Fr. Dehon says, “Preaching will play a big role in my apostolate.” I wonder how many SCJs see preaching as a major part of our apostolate, our ministry."
Like it or not, if you are a baptized Christian, you are a preacher! Many Christians, perhaps Catholics in particular, have not been formed to think of themselves as preachers, nor have they been formed to think of preaching as crucial to the Church’s identity.
In our common language, the word, “preach,” tends to be defined by its adjectival form: “preachy,” instead of its proper meaning, which is “to proclaim.” The essential mission of the Church, stated repeatedly at Vatican II and proclaimed again by Pope Paul VI in 1976, is the task of evangelizing all peoples, that is to say, the preaching of the Gospel. The first reason that the Church exists—the primary occupation of the Church—is to proclaim the Gospel of Jesus Christ.
To bring about the reign of the Heart of Christ in souls and society has been, from the beginning of our Congregation, one of our primary aims. Fr. Dehon was keenly aware of this gift which he had and which the Church and the world needed.
The Church and the world still need this gift. How appropriate it is for us SCJs to announce this in our day. How important it is for us to realize that we preach not only by what we say, but also by how we live. I am reminded of the words of St. Francis of Assisi: “Preach the Gospel at all times—if necessary, use words.”
Our lives of compassion, reconciliation, forgiveness, justice, love, peace—these also proclaim the Good News. The way that we live community life, the way that we share from our abundance with the poor, and the more that we work for a just society—these are ways in which we also proclaim the Good News. People need to see in our lives the living, loving Christ.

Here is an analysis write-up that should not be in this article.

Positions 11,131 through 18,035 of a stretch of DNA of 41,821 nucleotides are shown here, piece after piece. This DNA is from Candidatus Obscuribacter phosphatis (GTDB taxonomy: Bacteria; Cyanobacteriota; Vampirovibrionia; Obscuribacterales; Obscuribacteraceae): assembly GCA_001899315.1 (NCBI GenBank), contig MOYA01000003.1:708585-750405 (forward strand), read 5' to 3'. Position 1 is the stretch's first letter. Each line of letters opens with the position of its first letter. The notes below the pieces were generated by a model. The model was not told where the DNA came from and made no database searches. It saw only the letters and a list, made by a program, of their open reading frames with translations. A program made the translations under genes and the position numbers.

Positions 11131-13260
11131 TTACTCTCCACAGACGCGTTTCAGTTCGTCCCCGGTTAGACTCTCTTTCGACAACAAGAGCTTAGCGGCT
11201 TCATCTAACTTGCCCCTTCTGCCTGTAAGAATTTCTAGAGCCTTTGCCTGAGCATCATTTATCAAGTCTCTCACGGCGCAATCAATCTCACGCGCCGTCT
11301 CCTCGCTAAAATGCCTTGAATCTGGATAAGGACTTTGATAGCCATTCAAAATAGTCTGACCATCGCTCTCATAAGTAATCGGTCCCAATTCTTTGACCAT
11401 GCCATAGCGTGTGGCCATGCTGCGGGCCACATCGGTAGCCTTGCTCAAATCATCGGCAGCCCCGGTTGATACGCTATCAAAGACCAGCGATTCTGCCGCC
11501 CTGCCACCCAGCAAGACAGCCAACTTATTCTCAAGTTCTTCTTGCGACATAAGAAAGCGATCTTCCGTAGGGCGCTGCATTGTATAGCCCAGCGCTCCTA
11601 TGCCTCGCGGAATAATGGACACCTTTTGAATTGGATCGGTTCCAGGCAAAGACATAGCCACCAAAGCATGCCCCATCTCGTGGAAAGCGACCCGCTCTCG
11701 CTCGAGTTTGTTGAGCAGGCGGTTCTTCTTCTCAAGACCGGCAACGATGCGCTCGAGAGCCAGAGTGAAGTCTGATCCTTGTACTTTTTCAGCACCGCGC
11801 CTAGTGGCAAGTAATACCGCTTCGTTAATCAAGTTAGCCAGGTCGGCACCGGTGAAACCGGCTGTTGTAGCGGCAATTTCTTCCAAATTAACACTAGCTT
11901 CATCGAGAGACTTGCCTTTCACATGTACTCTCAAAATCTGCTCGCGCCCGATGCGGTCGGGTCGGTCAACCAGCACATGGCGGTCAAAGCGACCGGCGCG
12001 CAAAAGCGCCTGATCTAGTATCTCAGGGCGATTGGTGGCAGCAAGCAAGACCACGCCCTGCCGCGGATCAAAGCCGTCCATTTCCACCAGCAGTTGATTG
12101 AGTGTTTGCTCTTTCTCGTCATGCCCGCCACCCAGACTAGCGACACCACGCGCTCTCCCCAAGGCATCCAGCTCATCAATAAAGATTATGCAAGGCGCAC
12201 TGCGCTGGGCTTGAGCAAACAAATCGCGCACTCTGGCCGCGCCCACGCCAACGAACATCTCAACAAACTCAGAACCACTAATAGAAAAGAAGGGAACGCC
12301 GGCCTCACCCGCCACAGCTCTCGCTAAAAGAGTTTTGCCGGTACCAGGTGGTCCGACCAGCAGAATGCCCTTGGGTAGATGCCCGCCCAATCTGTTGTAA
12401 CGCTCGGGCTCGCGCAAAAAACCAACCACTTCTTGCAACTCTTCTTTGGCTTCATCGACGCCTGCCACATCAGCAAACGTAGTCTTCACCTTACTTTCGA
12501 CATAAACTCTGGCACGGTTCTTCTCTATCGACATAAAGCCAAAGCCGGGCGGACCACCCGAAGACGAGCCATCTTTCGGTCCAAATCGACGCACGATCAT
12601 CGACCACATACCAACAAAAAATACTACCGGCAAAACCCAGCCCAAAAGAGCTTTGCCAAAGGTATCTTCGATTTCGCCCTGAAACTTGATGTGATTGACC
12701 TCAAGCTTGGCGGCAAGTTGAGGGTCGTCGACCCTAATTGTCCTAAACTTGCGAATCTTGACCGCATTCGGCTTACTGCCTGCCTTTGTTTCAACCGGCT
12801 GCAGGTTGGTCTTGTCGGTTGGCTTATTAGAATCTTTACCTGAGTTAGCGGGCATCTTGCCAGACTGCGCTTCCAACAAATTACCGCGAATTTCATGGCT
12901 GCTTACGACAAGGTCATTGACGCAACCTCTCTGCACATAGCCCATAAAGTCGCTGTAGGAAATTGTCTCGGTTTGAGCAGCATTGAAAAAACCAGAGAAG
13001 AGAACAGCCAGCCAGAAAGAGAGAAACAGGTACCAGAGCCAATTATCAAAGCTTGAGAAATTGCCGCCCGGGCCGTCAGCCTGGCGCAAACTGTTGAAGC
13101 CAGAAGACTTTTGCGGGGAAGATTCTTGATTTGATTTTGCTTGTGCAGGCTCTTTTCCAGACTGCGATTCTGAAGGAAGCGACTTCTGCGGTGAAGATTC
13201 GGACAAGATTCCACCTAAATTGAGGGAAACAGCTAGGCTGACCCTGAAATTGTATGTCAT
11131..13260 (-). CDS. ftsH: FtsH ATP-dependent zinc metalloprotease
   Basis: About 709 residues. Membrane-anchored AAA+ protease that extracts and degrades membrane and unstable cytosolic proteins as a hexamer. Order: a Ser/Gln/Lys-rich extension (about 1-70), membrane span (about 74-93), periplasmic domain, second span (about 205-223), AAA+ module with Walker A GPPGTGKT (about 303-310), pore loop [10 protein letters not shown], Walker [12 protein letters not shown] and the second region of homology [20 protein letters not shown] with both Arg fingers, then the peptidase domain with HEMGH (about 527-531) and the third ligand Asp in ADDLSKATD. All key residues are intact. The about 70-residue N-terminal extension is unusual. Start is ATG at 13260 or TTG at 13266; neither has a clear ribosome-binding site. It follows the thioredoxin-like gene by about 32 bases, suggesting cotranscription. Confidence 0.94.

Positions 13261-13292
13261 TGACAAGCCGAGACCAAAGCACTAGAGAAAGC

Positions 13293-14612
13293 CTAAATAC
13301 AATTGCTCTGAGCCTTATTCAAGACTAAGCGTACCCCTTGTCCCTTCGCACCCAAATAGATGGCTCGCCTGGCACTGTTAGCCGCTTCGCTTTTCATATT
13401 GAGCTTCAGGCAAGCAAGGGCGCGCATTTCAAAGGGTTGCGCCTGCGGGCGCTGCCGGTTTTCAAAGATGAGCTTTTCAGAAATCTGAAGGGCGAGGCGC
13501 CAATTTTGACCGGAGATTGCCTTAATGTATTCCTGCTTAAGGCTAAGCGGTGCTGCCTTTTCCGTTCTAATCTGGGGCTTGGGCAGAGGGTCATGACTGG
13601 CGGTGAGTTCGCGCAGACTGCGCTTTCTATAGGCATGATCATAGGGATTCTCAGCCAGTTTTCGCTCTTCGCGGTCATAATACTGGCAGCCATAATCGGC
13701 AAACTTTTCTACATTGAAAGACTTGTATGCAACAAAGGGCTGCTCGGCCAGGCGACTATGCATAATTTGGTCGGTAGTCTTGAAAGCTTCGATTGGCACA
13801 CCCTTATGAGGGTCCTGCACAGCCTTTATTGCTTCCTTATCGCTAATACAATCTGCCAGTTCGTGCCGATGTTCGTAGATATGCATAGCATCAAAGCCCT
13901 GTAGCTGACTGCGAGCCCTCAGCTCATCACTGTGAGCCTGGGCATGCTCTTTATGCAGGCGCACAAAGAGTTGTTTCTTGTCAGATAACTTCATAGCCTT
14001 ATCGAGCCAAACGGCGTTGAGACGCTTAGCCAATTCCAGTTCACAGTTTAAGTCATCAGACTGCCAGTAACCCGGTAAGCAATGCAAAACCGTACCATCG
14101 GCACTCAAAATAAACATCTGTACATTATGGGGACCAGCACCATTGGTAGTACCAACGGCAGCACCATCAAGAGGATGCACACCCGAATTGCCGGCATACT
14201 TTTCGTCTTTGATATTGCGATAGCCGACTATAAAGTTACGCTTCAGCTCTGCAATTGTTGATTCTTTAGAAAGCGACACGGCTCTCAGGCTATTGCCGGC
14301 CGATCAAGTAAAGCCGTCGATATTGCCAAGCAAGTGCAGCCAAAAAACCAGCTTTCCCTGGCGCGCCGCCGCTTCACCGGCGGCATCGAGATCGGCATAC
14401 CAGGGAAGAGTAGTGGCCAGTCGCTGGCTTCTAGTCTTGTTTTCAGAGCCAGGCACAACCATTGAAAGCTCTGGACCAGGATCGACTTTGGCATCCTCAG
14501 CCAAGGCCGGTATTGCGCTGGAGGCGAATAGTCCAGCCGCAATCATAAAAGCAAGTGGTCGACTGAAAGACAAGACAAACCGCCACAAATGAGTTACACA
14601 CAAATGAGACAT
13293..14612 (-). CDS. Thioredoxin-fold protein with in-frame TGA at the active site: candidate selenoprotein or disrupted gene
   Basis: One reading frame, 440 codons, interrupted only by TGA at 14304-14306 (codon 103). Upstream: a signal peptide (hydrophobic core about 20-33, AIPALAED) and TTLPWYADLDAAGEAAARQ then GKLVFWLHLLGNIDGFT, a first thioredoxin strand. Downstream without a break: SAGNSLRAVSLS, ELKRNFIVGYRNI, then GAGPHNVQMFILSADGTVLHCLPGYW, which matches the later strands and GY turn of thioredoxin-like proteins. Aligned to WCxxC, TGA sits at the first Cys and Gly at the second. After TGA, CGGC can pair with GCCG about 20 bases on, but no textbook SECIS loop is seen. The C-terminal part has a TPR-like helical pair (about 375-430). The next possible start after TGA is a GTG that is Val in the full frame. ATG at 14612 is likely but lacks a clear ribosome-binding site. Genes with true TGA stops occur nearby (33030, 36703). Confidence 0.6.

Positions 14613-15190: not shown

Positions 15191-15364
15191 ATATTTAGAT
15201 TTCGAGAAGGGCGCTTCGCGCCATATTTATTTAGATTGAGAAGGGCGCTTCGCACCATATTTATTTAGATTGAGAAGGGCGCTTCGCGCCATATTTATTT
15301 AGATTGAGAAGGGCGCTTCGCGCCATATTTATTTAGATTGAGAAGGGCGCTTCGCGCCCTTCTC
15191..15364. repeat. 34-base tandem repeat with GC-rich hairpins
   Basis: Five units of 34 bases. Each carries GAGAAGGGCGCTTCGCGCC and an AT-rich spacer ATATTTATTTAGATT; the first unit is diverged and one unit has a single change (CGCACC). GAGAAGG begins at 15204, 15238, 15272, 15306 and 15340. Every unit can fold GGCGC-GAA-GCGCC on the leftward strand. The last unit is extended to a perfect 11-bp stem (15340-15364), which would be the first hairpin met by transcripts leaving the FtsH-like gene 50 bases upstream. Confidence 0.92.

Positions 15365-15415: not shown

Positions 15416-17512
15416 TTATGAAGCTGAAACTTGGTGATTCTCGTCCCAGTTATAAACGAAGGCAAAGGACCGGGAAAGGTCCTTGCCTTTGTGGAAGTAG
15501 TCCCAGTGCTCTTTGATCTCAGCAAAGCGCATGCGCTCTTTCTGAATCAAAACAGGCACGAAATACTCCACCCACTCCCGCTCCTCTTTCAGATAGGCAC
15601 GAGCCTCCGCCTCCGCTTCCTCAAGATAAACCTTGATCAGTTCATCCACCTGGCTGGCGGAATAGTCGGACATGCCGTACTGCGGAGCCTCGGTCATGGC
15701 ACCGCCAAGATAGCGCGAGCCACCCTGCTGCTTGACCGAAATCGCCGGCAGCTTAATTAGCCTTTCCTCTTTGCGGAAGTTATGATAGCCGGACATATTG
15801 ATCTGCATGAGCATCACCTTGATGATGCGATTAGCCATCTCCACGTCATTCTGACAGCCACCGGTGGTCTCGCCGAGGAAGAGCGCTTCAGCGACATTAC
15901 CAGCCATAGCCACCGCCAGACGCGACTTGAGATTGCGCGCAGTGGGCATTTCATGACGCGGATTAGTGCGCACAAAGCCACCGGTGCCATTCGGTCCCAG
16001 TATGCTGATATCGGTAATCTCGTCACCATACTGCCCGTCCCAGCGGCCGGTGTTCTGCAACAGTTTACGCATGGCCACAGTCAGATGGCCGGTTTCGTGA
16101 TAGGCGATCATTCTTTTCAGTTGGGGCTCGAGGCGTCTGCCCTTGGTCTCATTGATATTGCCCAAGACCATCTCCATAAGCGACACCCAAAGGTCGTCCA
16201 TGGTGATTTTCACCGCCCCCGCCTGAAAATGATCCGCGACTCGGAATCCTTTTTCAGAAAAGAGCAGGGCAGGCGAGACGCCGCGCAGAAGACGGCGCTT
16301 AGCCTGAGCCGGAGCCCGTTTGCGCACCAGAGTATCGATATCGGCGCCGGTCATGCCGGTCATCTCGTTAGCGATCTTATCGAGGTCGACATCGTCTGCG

Charles Bisgrove, SCJ, wrote this reflection in December 2003. He died on March 10, 2011.
Reflection Questions: seeds for personal understanding and growth
How do you respond to the statement, “If you are a baptized Christian, you are a preacher?”
How do you preach by your daily living? Do not overlook your acts of forgiveness, compassion, and love.
In what one, specific way can you work for a just society and thereby allow people to see in your life the living, loving Christ?
Prayer: hands lifted in prayer; hands prepared to serve
In your kindness throughout the coming week, please remember in your prayer everyone who proclaims the Gospel of Jesus Christ, in both word and action. You may find helpful the following Act of Reparation, based on the SCJ Rule of Life, #12, 38, and 39.
Source of our being and our happiness,
you have given us Jesus, the Living One.
In him, the New Human Being has been created in your image,
in justice and holiness of truth.
Jesus enables us to believe
that despite sin, failures, and injustice,
redemption is possible,
has been offered, and is already present.
His way is our way.
In our manner of being and acting,
by participating in constructing the earthly city
and building up the Body of Christ,
we want to be an effective sign
that it is your Reign and your justice
which should be sought above all and in all.
With your grace,
may we bear prophetic witness
as we involve ourselves without reserve
for the coming of the new humanity in Jesus Christ.
Each week reflections and prayers based in the Dehonian charism are published on the Dehonian Spirituality page of the U.S. Province website of the Priests of the Sacred Heart. This is an email version of that update.